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Going for gold: State athletes compete in Georgia State Games
Jim Coleman, who begins competing today in the Georgia State Games, practices for the competition Wednesday at the Family Life Center in Gainesville. - photo by Scott Rogers | The Times


Listen to Georgia State Games publicity director Tanya Meyers talks about the idea behind the Georgia State Games.

The 2008 Summer Olympics are still a month away, but that’s not preventing a few local athletes from competing for gold.

From roller hockey to softball and badminton to billiards, Georgia residents young and old will be competing this weekend in the 2008 Georgia State Games, an Olympic-style festival promoting health and wellness.

“Our participants come from Valdosta to Hall County,” said Tanya Meyers, publicity director for the Games. “This is open to all ages and all skill levels. Everyone in Georgia is welcome. It’s something the entire community can get involved in and learn about sport.”

The Games began on May 17 with the BB gun competition and conclude on July 26 with the Run for Life event, which benefits the Georgia Sports Foundation’s fight against childhood obesity. With more than 1,000 participants, the Run for Life is by far the largest competition at the Games.
Outside of the Run for Life, the competitors at the Games are there not only to learn about and share a love of sport, but to compete for medals, as well.

Like the Olympics, the Georgia State Games hand out gold, silver and bronze medals to the top three finishers in each division of every event.

“It’s good competition,” said Jim Coleman, who is participating in the racquetball event that begins today and concludes Sunday. “You’re down there all day playing against different people.”

After placing first and winning a gold medal as a beginner in his first Georgia Games in 2001, Coleman has moved up to the B division this year, where he once again hopes to bring home the gold.

“I’ll pretty much be competing against some of the best players in the state,” Coleman, 27, said of the single elimination tournament. “It’s a good experience and I’m going to try my hardest to finish first.”

While Coleman is trying to advance in the racquetball tournament at the Athletic Club Northeast in Atlanta, a few miles away, fellow Gainesville resident Stephen Dean will be taking to the streets of Union City to compete in the cycling road race.

Like Coleman, Dean is familiar with the Georgia Games, having participated in the event for the past five years. Initially, the 28-year-old competed in the mountain bike races, but has switched to road races in recent years.

“In events like the road race, you pretty much know you are competing against the best in the state,” Dean said. “If I could win certainly that would be a priority, but really I just want to do the best I can.”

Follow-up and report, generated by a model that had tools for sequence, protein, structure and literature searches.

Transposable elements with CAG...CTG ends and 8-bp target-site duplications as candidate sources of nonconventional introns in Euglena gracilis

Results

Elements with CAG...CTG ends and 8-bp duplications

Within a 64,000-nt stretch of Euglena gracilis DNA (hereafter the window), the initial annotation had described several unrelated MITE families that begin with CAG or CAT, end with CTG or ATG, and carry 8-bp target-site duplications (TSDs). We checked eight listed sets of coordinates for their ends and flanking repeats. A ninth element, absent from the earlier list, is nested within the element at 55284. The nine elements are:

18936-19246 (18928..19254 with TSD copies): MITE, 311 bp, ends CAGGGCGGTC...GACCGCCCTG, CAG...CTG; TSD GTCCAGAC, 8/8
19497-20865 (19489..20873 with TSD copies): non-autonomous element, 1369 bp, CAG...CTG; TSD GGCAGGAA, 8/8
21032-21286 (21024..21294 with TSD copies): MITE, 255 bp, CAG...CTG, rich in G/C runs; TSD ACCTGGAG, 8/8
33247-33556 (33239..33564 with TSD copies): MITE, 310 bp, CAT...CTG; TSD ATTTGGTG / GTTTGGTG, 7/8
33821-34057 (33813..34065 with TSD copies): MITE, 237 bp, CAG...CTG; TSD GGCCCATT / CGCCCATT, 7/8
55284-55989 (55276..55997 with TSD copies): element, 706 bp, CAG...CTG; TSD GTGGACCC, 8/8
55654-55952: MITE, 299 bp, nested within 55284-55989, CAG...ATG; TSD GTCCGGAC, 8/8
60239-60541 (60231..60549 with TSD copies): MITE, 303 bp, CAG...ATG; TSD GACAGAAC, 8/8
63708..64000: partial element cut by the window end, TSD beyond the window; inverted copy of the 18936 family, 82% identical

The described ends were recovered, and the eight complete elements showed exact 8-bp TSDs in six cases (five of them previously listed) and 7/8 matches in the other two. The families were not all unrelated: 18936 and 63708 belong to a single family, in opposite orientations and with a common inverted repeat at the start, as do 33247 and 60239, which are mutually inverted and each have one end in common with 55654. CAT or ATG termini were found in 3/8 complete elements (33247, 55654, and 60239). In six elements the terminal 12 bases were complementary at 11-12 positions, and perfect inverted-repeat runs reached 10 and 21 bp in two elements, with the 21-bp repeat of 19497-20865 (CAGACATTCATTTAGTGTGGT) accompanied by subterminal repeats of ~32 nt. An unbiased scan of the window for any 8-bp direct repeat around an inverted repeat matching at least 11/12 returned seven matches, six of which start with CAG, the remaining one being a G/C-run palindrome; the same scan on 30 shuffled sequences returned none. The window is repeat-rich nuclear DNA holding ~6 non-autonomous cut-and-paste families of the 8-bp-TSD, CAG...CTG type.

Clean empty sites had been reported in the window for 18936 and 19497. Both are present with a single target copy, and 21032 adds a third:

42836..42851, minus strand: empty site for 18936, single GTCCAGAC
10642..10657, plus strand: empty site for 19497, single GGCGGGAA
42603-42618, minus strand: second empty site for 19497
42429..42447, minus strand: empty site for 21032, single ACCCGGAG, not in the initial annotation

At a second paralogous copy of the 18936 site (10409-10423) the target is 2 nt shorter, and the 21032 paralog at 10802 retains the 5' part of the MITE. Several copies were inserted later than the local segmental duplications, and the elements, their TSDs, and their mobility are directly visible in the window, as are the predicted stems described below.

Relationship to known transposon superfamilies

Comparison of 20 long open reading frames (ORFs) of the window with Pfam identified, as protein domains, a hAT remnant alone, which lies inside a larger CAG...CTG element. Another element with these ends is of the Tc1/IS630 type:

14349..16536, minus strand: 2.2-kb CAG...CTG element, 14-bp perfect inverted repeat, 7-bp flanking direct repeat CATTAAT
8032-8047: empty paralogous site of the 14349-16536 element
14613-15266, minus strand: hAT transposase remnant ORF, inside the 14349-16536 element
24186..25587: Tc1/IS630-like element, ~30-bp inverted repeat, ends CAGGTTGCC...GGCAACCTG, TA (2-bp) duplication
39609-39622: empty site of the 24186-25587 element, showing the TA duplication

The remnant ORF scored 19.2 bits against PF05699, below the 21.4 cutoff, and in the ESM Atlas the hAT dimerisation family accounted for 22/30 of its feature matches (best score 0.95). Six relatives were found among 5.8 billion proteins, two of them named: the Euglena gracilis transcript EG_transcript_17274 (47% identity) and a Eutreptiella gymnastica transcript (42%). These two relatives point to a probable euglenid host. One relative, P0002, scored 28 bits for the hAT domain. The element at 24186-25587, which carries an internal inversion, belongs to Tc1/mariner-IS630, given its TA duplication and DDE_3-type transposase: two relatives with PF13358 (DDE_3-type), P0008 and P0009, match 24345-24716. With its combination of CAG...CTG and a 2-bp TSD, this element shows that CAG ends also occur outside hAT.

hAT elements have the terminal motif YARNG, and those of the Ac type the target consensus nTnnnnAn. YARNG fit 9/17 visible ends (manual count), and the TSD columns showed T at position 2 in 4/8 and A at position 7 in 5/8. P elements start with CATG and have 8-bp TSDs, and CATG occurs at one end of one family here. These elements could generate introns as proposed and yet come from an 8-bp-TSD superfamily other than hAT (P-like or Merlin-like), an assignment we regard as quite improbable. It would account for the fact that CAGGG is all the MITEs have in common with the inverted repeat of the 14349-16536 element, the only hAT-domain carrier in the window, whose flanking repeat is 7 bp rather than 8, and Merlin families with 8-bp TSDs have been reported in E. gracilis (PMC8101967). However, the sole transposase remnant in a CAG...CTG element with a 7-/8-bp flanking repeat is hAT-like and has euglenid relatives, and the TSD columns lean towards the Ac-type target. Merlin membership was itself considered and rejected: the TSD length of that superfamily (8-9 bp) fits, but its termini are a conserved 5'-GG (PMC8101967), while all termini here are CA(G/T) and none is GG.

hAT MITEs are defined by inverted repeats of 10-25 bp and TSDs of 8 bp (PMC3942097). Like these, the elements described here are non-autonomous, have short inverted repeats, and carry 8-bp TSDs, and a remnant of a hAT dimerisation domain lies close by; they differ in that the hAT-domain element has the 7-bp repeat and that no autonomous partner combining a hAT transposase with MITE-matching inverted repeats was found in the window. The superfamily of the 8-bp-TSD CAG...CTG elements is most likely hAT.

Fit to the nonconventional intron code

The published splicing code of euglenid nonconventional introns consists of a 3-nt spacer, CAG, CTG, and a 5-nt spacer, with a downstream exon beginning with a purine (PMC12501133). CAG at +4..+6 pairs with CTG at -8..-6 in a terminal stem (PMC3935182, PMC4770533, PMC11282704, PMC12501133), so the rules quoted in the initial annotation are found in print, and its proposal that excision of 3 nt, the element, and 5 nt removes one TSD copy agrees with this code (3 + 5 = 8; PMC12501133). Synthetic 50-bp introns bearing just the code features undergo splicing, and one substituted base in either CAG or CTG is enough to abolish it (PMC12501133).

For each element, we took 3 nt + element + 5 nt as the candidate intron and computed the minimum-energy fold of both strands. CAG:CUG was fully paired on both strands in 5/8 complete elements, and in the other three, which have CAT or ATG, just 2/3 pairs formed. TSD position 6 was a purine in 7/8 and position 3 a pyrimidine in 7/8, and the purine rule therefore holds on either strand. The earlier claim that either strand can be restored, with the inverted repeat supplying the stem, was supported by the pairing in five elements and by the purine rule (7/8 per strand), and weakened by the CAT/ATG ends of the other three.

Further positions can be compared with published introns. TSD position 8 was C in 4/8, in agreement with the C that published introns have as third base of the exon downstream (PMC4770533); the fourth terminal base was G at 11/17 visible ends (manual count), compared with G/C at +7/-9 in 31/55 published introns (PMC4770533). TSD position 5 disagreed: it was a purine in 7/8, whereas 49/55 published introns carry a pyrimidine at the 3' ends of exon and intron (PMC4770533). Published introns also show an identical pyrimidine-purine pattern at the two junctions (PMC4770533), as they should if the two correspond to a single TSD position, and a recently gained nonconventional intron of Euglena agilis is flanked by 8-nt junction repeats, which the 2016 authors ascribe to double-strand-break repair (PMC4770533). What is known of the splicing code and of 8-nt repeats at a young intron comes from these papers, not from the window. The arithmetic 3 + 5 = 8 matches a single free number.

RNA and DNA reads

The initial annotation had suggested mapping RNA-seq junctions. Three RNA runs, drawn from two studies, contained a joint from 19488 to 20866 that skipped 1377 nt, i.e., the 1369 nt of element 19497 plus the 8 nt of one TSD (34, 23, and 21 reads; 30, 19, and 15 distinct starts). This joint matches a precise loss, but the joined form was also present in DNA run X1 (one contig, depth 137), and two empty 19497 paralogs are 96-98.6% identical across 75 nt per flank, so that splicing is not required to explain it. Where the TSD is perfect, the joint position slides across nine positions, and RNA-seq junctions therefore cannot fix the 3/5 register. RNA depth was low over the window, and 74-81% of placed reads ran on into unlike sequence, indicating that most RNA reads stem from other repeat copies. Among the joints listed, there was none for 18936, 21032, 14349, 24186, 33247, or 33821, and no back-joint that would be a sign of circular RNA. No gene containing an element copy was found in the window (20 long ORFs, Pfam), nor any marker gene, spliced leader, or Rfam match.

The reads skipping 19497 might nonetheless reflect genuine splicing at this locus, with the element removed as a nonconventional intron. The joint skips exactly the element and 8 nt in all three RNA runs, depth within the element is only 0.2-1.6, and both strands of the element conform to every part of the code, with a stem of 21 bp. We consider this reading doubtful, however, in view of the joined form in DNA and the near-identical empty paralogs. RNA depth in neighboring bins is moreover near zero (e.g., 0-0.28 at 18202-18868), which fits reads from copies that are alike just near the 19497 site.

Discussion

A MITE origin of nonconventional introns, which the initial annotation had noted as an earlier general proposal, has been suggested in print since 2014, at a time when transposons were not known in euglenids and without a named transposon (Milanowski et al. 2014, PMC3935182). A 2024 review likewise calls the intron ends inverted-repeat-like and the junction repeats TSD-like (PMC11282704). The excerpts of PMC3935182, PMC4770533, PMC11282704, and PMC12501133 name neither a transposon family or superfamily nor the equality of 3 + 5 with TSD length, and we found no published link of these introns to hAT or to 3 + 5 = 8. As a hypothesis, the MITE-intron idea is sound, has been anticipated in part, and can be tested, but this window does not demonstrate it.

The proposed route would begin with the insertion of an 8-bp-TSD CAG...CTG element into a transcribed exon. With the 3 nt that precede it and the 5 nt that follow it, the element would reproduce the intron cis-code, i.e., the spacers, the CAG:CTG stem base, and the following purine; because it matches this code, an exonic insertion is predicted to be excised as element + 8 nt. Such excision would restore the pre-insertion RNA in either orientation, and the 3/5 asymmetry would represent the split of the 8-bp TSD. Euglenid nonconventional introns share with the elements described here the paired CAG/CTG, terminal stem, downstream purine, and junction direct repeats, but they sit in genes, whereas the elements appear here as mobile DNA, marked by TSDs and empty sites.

While he said he prefers the road race, Dean is also competing in Sunday’s cycling criterium, an event he called “NASCAR on a bicycle.”

In the race, competitors ride in a mile-long circle for a specific number of laps, which according to Dean, proves to be rather risky.

“I enjoy criterium, but they’re very dangerous,” he said of the race that will be held at West Oak Business Park in Marietta. “There’s usually a lot of crashes because people are riding so close together and going all out from the start.”

Gainesville is also involved in the Games, with the Lake Lanier Olympic Center playing host to this weekend’s rowing events.

“It’s a great location to host the rowing events, especially in a year when we have the Olympics going on,” said Matthew Augeri, the Games regatta director. “There’s a huge Olympic tower and huge grandstands and you really get the whole Olympic feel there.”

According to Augeri, while the rowing events have been held at the Olympic Center before, this year will be the first time that they will be held on the Olympic side of the venue.

“The only thing not being used is the full rowing course,” he said. “We’ll be using a simplified version.”

More than 120 people will participate in the six different rowing events on the 1,000-meter course.

The top three in each age and skill division will take home a medal, but according to Meyers, that’s only half of what the Games are all about.

“Part of the Games is not only teaching kids how to be competitive, but also have fun with it,” Meyers said.

That mentality has people like Dean ready to participate every year.

“I love it and I hope they keep the state Olympic thing,” he said. “I think it’s an effort to be more active and be more involved in physical activity.

“In most competitions, it’s about the prize money,” he added. “But here people don’t do it for the money, they do it for the love of competition.”

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